China is known as the world’s hub for production of fake goods. Counterfeiting everything from electronics to clothing and more sinisterly, drywall and milk powder, is an ongoing problem that needs to be addressed. Fortunately the Chinese government is becoming more active in cracking down on individuals involved in intellectual property theft and the production of harmful goods.
Counterfeiting also happens at the urban scale in China. Recently developers from Guangdong Province have taken to planning an exact replica of the Austrian Alpine village of Hallstatt.
Unlike producing fake consumer goods, the legality of appropriating architectural styles from overseas is not clearly defined. In the case of Hallstatt there may be some legal grounds against the Chinese developers due to the village’s status as a UNESCO Heritage site.
The copying of Hallstatt is an extreme example of Chinese developers using European architectural styles to market new projects. In almost every city, developments abound that boast of their ‘luxury British style villas’ or promote a ‘Mediterranean lifestyle’. To be sure, China is not the only country that borrows from Europe when it comes to architecture. In the U.S., places like Las Vegas and Disneyland are notorious for featuring fantasy interpretations of charming European motifs.
Yet the proliferation of these fantasy-land projects is even more curious in a place like China, which has a 5,000 year history and its own treasure trove of architectural heritage from which to be inspired. Walking among a new development in Chengdu styled after a Bavarian village last year, I was taken aback by the stark bizarreness of such a project. Detached from anything remotely related to Chengdu or China, the experience left me wondering where the cultural soul of the country had gone.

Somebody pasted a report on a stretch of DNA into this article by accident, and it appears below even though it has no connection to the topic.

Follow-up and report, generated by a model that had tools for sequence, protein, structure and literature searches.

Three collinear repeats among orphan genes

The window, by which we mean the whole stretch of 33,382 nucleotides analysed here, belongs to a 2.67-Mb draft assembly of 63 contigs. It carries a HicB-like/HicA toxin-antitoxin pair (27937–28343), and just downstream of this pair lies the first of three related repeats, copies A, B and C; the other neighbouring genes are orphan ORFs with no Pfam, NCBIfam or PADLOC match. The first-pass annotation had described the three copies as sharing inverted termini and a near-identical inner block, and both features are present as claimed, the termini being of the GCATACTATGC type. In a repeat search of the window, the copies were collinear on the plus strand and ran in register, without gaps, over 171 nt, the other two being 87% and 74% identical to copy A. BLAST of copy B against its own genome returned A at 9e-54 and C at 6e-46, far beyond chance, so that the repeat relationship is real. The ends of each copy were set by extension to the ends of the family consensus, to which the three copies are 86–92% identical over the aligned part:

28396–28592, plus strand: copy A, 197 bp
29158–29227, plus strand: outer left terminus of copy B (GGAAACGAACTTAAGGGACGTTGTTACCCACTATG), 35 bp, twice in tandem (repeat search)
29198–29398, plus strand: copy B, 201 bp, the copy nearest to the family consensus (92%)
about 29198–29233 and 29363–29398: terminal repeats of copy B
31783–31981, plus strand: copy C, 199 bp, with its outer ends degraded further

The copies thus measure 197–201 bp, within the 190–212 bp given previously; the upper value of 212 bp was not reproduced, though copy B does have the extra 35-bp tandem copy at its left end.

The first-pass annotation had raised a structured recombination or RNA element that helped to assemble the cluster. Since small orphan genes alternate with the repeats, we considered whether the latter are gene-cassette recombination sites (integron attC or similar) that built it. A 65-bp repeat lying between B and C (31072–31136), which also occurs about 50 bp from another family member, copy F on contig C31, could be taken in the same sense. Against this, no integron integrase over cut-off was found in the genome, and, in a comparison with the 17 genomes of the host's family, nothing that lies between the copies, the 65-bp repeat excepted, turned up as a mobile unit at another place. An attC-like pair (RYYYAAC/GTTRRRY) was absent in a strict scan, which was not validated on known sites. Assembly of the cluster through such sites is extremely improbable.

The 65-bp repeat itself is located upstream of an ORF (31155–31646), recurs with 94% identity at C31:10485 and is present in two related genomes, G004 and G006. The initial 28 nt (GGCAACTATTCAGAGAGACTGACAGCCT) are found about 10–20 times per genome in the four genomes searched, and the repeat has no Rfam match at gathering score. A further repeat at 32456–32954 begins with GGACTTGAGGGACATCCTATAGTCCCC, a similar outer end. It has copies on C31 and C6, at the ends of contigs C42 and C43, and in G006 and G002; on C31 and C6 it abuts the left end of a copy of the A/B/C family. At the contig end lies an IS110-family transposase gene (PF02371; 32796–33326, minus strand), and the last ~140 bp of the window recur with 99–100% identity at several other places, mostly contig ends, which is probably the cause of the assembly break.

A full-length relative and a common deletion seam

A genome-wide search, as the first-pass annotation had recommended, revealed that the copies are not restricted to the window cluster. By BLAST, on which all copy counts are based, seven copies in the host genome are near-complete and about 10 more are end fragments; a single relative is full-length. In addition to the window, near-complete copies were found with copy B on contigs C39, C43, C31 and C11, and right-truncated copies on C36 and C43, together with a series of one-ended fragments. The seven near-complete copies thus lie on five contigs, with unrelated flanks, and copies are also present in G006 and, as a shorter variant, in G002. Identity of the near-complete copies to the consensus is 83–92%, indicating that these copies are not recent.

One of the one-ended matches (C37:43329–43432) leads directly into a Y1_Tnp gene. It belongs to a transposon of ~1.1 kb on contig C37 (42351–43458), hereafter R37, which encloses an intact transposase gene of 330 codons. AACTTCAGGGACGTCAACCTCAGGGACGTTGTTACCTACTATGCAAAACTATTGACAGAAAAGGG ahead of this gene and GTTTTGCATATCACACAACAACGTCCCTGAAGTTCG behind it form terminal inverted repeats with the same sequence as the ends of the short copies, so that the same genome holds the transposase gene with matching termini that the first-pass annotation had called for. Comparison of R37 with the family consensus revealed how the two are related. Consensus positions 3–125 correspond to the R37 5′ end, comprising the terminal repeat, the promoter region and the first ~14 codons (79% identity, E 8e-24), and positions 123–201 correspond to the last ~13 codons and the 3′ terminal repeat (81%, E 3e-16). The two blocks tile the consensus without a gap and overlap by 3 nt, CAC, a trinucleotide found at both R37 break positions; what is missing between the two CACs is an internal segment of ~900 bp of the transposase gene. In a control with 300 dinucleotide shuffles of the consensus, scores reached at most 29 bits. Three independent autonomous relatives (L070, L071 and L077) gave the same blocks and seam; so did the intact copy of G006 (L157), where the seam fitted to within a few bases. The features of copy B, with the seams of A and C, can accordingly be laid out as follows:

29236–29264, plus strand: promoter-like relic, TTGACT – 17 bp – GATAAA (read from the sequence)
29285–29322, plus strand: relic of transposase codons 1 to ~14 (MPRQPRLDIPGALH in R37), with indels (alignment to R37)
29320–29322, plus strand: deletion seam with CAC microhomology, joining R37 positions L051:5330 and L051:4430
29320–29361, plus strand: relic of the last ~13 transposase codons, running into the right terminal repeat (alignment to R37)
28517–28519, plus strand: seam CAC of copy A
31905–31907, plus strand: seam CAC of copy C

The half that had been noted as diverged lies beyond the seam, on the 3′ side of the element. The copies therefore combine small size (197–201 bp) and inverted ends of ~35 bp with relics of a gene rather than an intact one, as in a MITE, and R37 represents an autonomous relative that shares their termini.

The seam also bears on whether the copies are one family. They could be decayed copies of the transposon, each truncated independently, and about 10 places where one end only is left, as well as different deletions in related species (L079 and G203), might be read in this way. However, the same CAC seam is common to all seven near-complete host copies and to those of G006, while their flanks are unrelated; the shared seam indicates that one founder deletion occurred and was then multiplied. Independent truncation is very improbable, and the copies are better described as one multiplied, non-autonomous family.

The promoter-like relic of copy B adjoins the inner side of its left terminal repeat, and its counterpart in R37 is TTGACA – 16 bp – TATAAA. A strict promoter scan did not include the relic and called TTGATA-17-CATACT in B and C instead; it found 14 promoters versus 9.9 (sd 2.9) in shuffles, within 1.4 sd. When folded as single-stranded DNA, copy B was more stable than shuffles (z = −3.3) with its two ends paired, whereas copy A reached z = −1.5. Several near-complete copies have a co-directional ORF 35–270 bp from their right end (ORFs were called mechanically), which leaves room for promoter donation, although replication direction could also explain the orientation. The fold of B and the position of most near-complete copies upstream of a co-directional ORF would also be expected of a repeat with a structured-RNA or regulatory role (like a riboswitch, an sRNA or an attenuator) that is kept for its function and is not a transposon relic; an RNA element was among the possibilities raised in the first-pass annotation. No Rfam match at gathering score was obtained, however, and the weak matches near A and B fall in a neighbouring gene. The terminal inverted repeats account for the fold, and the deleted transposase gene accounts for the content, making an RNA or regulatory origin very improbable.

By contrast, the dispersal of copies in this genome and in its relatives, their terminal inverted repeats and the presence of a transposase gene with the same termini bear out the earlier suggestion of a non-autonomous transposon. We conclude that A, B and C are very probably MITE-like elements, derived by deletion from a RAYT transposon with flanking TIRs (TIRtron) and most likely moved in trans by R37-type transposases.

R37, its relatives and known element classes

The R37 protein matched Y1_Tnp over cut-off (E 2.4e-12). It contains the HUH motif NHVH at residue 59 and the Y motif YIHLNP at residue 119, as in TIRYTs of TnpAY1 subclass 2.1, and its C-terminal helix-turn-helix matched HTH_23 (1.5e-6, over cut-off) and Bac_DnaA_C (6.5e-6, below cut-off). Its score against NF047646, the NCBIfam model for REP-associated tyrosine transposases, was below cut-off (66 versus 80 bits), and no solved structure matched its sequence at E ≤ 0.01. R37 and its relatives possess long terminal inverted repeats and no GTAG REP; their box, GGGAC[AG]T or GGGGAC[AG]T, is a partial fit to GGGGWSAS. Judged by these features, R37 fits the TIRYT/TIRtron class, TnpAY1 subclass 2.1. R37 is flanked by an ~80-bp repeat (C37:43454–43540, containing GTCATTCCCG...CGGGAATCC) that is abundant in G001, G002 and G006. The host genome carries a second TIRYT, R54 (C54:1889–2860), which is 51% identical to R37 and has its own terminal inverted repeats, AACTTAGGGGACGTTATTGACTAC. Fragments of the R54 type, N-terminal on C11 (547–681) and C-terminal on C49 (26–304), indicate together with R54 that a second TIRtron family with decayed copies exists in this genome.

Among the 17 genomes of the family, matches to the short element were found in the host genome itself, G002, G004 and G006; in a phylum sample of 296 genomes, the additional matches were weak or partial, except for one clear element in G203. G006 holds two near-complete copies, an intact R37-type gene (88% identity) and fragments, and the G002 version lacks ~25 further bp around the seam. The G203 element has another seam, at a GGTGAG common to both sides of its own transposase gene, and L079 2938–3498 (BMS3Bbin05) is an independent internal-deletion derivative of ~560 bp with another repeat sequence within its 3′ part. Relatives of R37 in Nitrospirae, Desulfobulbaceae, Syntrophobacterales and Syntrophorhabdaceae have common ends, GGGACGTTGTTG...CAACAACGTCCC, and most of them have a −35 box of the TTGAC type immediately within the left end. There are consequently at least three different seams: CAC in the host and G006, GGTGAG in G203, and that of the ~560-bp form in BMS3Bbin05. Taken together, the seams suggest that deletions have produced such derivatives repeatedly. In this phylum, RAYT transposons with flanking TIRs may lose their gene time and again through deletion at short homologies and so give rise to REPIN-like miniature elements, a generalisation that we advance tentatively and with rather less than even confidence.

Now before I am accused of being just another foreigner romanticizing for the ‘old’ China let me clarify that I understand that in the path towards modernization, aspiring Chinese urban dwellers have a right to experience the fruits of the developed world. Furthermore, no one has a monopoly on architectural taste. Yet it is a bit unnerving to witness a society moving forward so out of touch with its own history.
When I’ve asked Chinese architects why the development of European-style buildings is so popular, the response is usually two-fold: for one, this is what newly rich Chinese home buyers want and two, it is easier and cheaper for developers to build than an accurate representation of a historical Chinese style- which require a lot more attention to detail.
You can’t argue with property developers for giving the people what they want. But we can ask, at least rhetorically, why is this what the people want? Again, it most likely is a result of China’s recent contentious relationship with its own history and culture. It is clear that the country has still not recovered from the purging of China’s ‘Four Olds‘ (Old Customs, Old Culture, Old Habits, and Old Ideas) during Mao Zedong’s Cultural Revolution.
The obsession with all things new or foreign is not likely to end anytime soon. Indeed, the desire for new things is so strong that oftentimes even buildings only 5 years old are considered old by Chinese urbanites. The contradiction between China’s extraordinarily long history and unyielding forward-looking vision is a conundrum.
Yet given rising prosperity of a larger share of the population, it is likely that in the future, a more culturally confident China will be able to reconnect with its past and discover all the treasures that have been there all along but hiding behind the veil of progress and modernization.